Partition of Bengal (1905-1911)

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Partition of Bengal (1905-1911)

reasons behind partition of bengal

Partition of Bengal (1905-1911)

1. General understanding about the partition of Bengal

The partition of Bengal was another landmark in the history of India. Bengal being a province of a large population of 78.5 million as well as large area was difficult to be administered proficiently. Therefore, Lord Curzon, the viceroy of India, took the decision to develop a scheme to divide Bengal to ensure effective management and proficiency. According to the scheme, Bengal had to be divided into two provinces i.e. western Bengal and eastern Bengal. The eastern Bengal had an area of 10,640 square miles having its center at Dhaka, had a population of 31 million with Muslim majority population i.e. 18 million. On the other hand, western Bengal was a Hindu majority province having a total population of 54 million out of which 45 million people were Hindus.

The decision of partition of Bengal was announced by Lord Curzon- the Viceroy of India, on 19 July 1905.

The proclamation for the partition of Bengal was issued in September 1905.

October 16, 1905, is a landmark in the history of the subcontinent as the partition of Bengal came into being.

2. Detailed background for the decision of partition of Bengal

The partition of Bengal was essentially and purely an administrative decision as Lord Curzon was a sincere administrator and keen for development of Bengal. But, western Bengal was a Hindu majority state while eastern Bengal with Muslim majority state. With the partition of Bengal, the chances of development opportunities for Muslims were about to increase dramatically. Before the partition of Bengal, Muslim workers were crushed under Hindu landlords. Due to poor administration, few funds were allotted to the education system for eastern Bengal.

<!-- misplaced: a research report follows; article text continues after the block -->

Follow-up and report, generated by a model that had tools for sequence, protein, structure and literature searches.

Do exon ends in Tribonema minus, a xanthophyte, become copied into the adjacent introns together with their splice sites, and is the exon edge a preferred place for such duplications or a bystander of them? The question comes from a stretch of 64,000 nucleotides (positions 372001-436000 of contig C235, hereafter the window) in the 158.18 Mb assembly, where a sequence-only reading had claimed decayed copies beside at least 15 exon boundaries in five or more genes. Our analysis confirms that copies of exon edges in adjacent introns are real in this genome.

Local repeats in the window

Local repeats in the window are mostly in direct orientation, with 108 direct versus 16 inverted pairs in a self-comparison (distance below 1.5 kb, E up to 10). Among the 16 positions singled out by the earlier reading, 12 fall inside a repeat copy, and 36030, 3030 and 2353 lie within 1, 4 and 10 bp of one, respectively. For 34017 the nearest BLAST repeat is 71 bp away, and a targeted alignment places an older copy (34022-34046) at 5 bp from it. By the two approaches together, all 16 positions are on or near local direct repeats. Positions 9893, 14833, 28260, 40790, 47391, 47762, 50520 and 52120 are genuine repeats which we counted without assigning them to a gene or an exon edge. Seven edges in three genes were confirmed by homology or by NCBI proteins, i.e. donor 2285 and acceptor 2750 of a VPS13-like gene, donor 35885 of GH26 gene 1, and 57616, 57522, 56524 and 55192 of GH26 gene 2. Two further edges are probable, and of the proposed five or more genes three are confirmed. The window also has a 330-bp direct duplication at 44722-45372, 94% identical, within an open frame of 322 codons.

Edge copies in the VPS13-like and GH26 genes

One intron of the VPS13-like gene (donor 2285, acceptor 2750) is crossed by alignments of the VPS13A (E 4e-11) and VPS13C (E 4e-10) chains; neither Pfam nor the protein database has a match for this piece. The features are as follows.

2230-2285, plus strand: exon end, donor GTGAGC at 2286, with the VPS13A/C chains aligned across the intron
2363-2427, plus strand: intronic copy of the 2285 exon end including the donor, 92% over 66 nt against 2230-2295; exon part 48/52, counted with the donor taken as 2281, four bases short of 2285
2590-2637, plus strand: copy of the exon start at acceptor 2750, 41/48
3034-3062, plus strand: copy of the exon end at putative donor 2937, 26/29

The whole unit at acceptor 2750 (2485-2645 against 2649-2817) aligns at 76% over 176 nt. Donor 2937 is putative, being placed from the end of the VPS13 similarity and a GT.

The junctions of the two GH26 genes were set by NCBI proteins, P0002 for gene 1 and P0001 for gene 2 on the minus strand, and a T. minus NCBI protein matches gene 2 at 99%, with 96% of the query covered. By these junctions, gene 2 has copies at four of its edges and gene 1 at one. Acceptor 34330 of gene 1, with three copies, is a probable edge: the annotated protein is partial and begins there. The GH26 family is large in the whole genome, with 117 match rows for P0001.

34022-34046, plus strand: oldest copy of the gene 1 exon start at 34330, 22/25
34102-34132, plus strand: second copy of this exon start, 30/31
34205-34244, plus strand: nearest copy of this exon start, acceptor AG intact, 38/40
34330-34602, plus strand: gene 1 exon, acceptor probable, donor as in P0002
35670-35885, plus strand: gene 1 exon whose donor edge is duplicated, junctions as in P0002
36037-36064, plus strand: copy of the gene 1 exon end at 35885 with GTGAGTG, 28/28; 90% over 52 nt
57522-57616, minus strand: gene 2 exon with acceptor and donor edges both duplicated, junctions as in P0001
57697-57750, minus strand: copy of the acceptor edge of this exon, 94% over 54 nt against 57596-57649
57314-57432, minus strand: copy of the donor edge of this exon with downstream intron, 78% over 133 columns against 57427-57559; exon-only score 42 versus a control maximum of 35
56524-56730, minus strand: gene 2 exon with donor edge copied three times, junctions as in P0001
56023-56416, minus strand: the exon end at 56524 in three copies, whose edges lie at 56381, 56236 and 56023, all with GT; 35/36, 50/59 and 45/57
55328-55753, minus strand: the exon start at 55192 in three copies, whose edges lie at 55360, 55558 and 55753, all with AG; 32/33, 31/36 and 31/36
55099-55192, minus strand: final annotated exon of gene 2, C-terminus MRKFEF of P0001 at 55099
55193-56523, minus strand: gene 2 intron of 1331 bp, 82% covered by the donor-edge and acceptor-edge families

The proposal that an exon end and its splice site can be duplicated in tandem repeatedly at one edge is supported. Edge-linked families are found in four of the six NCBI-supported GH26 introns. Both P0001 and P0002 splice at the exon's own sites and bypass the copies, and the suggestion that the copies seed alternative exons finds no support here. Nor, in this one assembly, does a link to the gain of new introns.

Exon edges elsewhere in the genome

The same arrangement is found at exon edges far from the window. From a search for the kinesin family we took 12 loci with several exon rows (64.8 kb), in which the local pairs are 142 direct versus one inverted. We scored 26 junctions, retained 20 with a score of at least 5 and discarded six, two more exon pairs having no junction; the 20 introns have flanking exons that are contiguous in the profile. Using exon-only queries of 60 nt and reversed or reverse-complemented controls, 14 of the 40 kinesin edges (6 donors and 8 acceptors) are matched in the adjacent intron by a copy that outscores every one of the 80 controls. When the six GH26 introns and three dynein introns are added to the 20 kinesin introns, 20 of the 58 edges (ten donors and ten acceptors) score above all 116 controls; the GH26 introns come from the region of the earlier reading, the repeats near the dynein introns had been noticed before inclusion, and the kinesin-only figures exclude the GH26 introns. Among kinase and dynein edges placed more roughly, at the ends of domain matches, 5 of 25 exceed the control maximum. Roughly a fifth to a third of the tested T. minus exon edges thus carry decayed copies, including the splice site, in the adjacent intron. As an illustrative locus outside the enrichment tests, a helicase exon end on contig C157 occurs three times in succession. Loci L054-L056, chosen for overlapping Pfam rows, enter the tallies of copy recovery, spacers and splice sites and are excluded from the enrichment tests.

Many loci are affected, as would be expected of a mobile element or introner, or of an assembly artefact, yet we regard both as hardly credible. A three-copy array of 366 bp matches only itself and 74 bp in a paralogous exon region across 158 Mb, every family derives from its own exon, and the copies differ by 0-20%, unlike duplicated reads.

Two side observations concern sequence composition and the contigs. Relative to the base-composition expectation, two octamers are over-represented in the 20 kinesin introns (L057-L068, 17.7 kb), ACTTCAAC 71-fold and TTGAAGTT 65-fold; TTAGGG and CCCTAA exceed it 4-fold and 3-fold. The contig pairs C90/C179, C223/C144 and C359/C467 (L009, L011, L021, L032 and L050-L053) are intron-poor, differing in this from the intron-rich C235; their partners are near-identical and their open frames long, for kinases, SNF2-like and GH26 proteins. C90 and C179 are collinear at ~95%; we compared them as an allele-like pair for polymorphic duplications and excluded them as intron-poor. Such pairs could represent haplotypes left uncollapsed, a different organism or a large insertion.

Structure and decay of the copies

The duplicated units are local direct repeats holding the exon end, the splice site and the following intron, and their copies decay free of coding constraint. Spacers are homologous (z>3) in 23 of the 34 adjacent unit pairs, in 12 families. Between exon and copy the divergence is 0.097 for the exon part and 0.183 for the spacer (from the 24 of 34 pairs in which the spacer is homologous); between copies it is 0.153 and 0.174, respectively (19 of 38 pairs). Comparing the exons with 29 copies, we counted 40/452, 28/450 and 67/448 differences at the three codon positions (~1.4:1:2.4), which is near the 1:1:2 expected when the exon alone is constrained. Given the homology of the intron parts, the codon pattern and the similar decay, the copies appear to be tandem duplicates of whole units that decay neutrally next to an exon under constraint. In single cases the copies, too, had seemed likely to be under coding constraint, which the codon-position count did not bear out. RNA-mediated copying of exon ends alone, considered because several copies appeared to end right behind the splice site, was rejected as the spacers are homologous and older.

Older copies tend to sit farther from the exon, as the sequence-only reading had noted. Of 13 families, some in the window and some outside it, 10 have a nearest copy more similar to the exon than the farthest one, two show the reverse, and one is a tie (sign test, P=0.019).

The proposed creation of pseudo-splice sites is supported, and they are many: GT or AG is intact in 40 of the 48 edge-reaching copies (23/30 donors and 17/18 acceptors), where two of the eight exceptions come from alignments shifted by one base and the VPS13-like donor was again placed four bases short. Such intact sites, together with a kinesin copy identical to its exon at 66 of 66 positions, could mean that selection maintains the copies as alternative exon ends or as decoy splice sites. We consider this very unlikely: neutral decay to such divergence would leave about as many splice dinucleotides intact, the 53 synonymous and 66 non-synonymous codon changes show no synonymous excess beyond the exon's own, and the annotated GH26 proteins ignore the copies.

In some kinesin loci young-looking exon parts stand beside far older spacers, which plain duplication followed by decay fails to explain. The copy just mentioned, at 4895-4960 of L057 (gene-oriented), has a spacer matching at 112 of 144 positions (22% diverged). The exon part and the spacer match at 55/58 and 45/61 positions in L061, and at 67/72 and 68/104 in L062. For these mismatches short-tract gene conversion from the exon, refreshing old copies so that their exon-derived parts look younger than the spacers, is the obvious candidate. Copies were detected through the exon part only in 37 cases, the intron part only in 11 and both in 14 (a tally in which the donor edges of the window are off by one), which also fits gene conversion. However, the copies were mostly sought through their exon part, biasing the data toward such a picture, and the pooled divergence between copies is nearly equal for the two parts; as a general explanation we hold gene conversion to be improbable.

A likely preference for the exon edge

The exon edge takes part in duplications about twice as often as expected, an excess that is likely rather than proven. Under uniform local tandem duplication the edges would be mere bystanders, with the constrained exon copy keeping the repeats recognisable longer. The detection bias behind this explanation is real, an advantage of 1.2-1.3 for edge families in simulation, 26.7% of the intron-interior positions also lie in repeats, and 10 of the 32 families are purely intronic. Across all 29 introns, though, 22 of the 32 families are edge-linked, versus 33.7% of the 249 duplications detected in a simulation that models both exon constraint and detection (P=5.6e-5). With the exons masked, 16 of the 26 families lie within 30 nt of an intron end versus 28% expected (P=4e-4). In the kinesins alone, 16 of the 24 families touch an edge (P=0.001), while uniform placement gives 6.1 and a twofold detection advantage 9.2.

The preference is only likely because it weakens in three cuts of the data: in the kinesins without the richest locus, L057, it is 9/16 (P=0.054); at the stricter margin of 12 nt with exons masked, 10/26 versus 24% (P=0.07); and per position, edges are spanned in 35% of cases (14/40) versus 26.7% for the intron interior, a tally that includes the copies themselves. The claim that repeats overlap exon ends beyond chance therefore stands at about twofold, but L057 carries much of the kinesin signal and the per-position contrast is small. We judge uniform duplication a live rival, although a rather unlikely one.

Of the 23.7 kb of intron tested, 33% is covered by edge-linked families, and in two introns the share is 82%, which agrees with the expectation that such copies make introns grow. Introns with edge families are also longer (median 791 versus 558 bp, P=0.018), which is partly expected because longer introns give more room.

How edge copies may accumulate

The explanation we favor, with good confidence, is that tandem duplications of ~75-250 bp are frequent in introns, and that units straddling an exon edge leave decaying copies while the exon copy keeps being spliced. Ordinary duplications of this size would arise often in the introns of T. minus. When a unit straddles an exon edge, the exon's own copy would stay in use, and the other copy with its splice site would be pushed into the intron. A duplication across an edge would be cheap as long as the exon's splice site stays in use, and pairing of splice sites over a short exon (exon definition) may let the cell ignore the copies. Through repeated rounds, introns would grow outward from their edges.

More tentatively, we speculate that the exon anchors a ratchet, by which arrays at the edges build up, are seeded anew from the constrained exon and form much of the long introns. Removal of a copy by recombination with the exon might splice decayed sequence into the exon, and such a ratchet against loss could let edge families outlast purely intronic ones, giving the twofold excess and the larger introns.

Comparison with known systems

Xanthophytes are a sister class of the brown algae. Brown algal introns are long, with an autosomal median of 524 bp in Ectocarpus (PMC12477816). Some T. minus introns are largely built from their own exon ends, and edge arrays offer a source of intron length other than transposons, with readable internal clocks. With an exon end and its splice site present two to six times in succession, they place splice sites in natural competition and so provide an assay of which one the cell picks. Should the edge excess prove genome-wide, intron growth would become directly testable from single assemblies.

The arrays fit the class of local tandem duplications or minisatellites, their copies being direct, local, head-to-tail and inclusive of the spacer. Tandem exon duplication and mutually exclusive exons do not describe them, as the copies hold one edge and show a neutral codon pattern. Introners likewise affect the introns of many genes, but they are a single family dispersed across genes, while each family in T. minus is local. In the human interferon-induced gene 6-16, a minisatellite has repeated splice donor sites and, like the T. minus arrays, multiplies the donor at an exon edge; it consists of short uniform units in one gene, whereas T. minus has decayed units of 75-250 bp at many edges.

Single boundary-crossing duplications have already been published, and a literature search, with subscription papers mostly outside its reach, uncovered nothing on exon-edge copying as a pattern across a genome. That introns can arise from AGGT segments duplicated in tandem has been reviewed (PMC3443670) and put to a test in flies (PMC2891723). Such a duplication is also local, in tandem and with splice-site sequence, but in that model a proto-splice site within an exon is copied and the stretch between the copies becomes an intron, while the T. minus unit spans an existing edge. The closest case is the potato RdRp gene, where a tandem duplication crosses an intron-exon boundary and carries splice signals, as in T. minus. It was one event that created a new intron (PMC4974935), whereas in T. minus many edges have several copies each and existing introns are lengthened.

3. Anti-partition Movement

Parting Bengal into two provinces was due to administrative concerns but Hindu alleged that Lord Curzon attempted to draw a line between the Hindus and Muslims and branded this a nonsense policy of divide and rule. Moreover, they were observing the leading opportunities for the Muslims in eastern Bengal as compared to Hindus.

Two events famous about political crisis aroused after the partition of Bengal

1. Band i Mataram

2. Swadeshi Movement

Band i Mataram: Band i mataram (HAIL TO THEE, MOTHER) was national script of Indian nation written in Bengali script in order to protect worship of Shivaji (mother goddess) as national hero.

Swadeshi movement:  Swadeshi Movement was Indian independence movement and to rejuvenate Indian nationalism.

Hindu presented agitation in the form of boycott of American goods. An atmosphere of terrorism spread across Bombay, Poona, and Punjab. Bombing, shooting and blasting events grew common. Resultantly, authorities had to reunify both provinces in order to end the protest.

4. Reunification

On December 1911, King George announced that both provinces had to be reunified. The capital was established at Dehli in an attempt to appease Hindus. The anarchist movement was supported by the Indian national congress (Indian national congress was established in 1885).

5. Results of these movements

These movements made sure that both Hindus and Muslims cannot live together. They are different in any way. These movements intensified tensions between Hindus and Muslims. These movements resulted in arousing nationalism between both Hindus and Muslims and both started struggling for a separate homeland.

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